In the highest-income US counties—which have nearly 72% of the nation’s supply of EV charge ports—the population is 79.99% white, 6.72% black, 3.59% Asian,1.28% American Indian, 0.17% Native Hawaiian or Pacific Islander, and 2.84% reporting some other race.
In the bottom fifth of US counties by income—which have less than 2% of all public EV charging stations and just 2.05% of the nation’s EV charge ports—the population is 69.68% white, 17.74% black, 4.25% American Indians, 0.57% Asian, 0.07% Native Hawaiian or Pacific Islander and 2.71% reporting some other race (see graphic below).
The highest-income earning areas also tend to correlate with higher numbers of white and Asian residents; since there are more charging stations in those prosperous areas, more white and Asian residents have access to readily available public charging stations. Black and Native American residents are overrepresented in the least prosperous areas, the same ones that have the lowest numbers of charging stations.
Counties where the largest race group population is Asian have nearly three times (2.98) more EV charge ports per 10,000 members of the population than those of majority American Indian/Alaskan Native descent and 2.4 times more than Black communities.
EV charge disparity: A state-by-state look
Looking at state averages of charge ports per 10,000 people against the national average (2.94), several states punch above their weight: Nevada has the highest level (17.63), nearly five times higher than the national average), followed by Colorado (12.92) and the District of Columbia (12.87), Vermont (12.84) and California (12.26).
The worst states per capita are Louisiana (0.46), Mississippi and Kentucky (0.71), Alabama (0.91) and Illinois (1.05).
Top states per capita EV chargers:
Bottom states per capita EV chargers:
A more nuanced way to compare states is to evaluate by the number of charge ports we would expect to see based on state per capita income. Evaluating states by counties that have at least one charging station, there is an average of 1.66 charge ports per $1,000 of income. Here, California is king, with an average of 15.44 charge ports per $1,000—an 828.44% increase from the national average, with a total of 34,087 more charge ports than the national average.
That is followed by the District of Columbia (13.00), Massachusetts (7.98), Arizona (5.58) and Hawaii (5.43).
States with the lowest average based on income are North Dakota (0.26), Wyoming (0.27), Iowa and Alaska (0.31) and South Dakota (0.32).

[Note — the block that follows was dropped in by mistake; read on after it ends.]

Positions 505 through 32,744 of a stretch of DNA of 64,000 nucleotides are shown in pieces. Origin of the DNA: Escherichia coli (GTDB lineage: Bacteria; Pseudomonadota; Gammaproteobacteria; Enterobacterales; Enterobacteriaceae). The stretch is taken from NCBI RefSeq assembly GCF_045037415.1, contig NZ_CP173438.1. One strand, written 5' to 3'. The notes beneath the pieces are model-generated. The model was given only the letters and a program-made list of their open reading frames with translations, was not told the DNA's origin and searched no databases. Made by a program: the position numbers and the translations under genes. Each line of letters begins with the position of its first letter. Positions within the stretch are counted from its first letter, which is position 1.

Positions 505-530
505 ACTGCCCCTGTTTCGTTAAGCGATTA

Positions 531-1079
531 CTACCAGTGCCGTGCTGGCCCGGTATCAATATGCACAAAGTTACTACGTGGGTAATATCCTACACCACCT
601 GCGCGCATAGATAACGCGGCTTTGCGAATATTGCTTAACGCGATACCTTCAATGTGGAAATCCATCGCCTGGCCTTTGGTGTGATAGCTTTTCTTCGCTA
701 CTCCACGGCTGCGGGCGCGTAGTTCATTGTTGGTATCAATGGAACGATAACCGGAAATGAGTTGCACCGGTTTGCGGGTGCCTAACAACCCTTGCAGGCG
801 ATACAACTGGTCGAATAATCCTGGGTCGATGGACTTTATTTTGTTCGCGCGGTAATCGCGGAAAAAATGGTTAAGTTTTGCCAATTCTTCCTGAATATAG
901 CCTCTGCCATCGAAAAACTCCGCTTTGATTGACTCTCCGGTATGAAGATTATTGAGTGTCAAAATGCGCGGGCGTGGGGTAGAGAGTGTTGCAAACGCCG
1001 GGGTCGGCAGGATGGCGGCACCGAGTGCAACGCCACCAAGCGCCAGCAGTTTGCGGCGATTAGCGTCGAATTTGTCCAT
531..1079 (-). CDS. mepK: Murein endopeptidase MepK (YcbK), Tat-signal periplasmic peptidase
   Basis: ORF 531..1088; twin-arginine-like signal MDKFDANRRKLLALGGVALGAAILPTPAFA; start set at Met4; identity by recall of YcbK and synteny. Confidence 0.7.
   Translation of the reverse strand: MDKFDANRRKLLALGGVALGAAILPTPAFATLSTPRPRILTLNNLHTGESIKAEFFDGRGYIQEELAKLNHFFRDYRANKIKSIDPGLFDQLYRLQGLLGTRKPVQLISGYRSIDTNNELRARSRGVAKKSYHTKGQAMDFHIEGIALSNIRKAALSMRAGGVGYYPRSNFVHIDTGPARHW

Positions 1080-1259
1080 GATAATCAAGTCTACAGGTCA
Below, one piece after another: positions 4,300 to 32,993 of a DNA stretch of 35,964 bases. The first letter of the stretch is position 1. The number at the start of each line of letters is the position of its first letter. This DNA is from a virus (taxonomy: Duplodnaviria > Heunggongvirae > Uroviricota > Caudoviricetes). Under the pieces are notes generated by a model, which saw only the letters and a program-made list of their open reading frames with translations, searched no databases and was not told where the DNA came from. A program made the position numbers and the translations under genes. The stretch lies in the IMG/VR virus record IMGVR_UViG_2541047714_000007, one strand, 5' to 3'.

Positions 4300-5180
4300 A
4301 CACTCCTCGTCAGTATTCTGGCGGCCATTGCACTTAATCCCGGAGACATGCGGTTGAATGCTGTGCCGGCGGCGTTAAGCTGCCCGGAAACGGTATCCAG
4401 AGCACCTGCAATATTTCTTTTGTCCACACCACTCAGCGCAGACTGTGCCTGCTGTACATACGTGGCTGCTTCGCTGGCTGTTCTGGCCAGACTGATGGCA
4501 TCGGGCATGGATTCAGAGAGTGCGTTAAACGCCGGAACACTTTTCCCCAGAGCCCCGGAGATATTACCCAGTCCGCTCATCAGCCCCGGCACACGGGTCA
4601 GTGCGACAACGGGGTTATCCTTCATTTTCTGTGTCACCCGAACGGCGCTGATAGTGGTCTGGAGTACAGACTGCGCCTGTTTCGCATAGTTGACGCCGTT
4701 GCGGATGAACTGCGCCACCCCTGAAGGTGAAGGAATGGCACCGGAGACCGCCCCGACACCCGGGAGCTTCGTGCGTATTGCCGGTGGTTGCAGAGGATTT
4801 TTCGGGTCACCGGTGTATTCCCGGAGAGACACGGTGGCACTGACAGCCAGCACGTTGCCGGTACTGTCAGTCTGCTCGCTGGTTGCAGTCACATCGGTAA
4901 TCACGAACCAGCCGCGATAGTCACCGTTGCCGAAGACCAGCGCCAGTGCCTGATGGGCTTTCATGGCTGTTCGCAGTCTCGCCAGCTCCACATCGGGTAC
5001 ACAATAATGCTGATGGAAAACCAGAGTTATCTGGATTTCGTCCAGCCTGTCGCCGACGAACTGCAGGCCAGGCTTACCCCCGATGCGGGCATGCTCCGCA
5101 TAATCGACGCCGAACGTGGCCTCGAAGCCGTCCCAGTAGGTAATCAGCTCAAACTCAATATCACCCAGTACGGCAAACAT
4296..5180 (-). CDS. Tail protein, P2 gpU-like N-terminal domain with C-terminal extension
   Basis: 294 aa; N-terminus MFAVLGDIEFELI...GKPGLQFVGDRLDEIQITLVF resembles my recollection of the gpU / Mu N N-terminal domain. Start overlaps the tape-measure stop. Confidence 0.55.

Related: Best and Worst States to Own Electric Cars
States punching above their weight:
States punching below their weight:
Access to free EV charging stations
One bright spot in our analysis for the most disadvantaged US counties: They have, on average, slightly more access per capita to free charging stations compared to other income groups.
In our analysis, we see that the top income group has 0.19 free charging ports per 10,000 population. The lowest income group has access to 1.1 free charging ports per 10,000 population, 325.48% above the average of 0.37 charge ports per 10,000 members of the population.
To determine county quintiles, we created the Distressed County Index with nine metrics of economic health and prosperity across counties in each state.
We are using interstate quartiles, comparing counties only within the same state on a quintile basis. The metrics used are from the American Community Survey (ACS) five-year 2021 dataset and are as follows:
- Percent of the population with no diploma
- Percent of the population below the poverty level
- Percent of the non-institutionalized civilian population without health insurance
- Percent of occupied housing units without access to indoor plumbing
- Percent of occupied housing units without access to a car
- Percent of the population using SNAP benefits
- Percent of the population that is unemployed
- Percent of vacant housing units
- Per capita income (dollars)
For our income analysis, we categorized into income quintiles all US counties and county equivalents (such as parishes in Louisiana and boroughs in Alaska) based on per capita income:
- Income group 1: ≥$35,331.20
- Income group 2: <$35,331.20
- Income group 3: <$31,076.20
- Income group 4: <$28,088.00
- Income group 5: <$24,824.00
We then analyzed the counties that were home to 131,195 charge ports at 51,012 public, open EV stations, according to the National Renewable Energy Laboratory. Excludes Puerto Rico. Figures were current as of March 15, 2023. Per capita figures represent average number charge ports per 10,000 population.
Population majorities, percentages and totals are based on members of the population who reported being only one race in the American Community Survey five-year estimates by the US Census.
Free charge ports were determined by stations who indicated free in their pricing data submitted to the National Renewable Energy Laboratory. Full data sets can be found here.
For more information, contact Kerry Sherin ([email protected]) or Erin Kemp ([email protected]).